The fourth woman director is Maria Novaro from Mexico, who returns once again to compete in Havana. Lola, her first feature-length script born out of the Projects Workshop run by Gabriel García Márquez and Robert Redford at the San Antonio de los Baños International Film School, saw her win the Coral Prize for Best Debut Work in the 1989 Havana Festival.
But that’s not all, Novaro returned to the event in 1991 with her second feature-length production, entitled Danzón, which won another Coral Award, while its protagonist María Rojo, received the prize for Best Actress. Now a cult film, Danzón features among the 100 best Mexican films.
With The Garden of Eden in 1994, Novaro won her third Coral in Havana and is now back with Tesoros (2017), her first feature-length kids film.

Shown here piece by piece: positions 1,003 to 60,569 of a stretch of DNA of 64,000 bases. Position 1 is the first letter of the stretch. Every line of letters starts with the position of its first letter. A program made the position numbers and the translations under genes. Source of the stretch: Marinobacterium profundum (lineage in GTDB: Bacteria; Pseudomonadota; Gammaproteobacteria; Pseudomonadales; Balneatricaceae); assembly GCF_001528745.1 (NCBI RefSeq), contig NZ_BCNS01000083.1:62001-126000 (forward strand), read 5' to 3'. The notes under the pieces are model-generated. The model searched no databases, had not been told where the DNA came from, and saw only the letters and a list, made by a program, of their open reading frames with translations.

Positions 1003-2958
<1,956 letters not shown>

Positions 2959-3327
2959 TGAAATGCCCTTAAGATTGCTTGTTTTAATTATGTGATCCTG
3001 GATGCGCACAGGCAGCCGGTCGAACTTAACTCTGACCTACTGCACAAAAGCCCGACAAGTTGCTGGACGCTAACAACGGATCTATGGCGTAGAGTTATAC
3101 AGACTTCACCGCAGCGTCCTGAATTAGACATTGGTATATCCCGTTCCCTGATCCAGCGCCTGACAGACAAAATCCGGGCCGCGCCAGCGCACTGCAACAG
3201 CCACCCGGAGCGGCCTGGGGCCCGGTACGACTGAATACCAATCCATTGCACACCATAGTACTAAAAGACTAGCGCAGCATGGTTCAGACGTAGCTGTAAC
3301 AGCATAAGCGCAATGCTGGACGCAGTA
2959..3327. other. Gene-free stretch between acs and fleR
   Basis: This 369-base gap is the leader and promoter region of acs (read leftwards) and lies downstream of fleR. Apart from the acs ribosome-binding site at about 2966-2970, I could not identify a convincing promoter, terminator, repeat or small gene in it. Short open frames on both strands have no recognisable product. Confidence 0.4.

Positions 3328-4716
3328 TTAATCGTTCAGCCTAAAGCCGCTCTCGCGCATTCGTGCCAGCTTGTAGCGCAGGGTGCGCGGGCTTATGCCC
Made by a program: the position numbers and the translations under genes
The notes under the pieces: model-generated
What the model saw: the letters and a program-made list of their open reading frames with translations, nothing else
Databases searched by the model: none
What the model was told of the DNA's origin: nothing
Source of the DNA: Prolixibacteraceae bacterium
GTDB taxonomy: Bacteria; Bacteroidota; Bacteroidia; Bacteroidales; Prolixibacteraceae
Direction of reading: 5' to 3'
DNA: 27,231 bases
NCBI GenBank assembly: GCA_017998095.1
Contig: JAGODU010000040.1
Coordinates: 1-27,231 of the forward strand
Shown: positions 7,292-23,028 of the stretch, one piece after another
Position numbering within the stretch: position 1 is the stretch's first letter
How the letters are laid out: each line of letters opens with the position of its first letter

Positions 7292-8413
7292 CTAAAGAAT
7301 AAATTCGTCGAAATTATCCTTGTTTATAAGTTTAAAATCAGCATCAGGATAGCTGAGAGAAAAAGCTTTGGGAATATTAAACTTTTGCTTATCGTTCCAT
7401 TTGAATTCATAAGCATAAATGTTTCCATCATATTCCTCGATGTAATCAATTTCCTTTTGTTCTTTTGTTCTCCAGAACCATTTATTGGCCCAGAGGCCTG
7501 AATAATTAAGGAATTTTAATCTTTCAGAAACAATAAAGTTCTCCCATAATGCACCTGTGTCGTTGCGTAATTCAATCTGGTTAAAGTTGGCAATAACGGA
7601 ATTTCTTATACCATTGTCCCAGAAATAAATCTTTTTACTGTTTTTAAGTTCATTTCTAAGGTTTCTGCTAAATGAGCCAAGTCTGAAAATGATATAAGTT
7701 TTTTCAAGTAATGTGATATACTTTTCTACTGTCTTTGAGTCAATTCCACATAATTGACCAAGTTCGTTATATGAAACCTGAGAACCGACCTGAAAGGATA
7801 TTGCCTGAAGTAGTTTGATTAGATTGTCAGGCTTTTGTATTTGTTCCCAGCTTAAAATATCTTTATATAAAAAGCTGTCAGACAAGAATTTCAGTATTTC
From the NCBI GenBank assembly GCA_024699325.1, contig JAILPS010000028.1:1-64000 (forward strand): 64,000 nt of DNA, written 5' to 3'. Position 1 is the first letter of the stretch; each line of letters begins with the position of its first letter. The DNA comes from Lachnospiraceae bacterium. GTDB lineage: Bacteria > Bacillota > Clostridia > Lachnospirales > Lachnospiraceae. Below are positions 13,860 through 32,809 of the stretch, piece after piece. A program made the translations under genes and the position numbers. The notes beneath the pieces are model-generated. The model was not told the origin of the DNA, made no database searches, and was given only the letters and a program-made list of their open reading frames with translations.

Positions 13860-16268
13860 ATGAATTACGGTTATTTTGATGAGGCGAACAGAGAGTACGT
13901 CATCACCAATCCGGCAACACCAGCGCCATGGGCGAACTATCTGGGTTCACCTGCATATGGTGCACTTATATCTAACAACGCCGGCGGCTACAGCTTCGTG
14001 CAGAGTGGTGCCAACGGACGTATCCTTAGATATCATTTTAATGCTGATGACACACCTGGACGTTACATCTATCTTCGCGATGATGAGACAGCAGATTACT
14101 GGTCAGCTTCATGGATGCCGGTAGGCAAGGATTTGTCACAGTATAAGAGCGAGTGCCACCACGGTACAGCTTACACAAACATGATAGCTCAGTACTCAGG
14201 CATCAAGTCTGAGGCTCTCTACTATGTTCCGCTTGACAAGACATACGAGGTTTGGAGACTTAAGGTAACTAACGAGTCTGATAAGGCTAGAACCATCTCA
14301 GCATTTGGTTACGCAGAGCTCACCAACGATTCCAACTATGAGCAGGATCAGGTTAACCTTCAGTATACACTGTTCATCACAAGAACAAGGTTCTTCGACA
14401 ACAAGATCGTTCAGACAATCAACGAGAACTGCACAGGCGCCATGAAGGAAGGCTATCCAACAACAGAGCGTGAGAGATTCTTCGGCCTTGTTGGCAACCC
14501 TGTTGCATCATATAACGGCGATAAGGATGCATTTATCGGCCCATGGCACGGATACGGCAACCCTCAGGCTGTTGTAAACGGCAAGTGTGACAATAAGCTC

Novaro’s new work, which won the prize for Best Family Film in the San Diego Festival, includes an attractive feature, of the 15 children, aged between three and 11 who make up the cast, three of its protagonists are grandchildren of the director.
Novaro, who writes the scripts for all her films, has stated that in each she seeks to tell the story of the many Mexicos which exist. Meanwhile, regarding her latest production she noted that given the current situation in the country, where children no longer play outside or invent stories, it is important to offer them positive messages.
The title of the film gives a clue as to what it’s about, Tesoros meaning treasures, is a term of endearment often used by parents when referring to their children, and here a kids’ game to search for a treasure chest buried four centuries ago by English pirate Francis Drake.
Four outstanding women directors competing for one of the Film Festival’s Coral Prizes. The decision, where there is always a fine line between objectivity and subjectivity, is down to the judges. Despite the fact that it rarely coincides with that of critics and much less the public, it will, as always, be a surprising end to the Festival.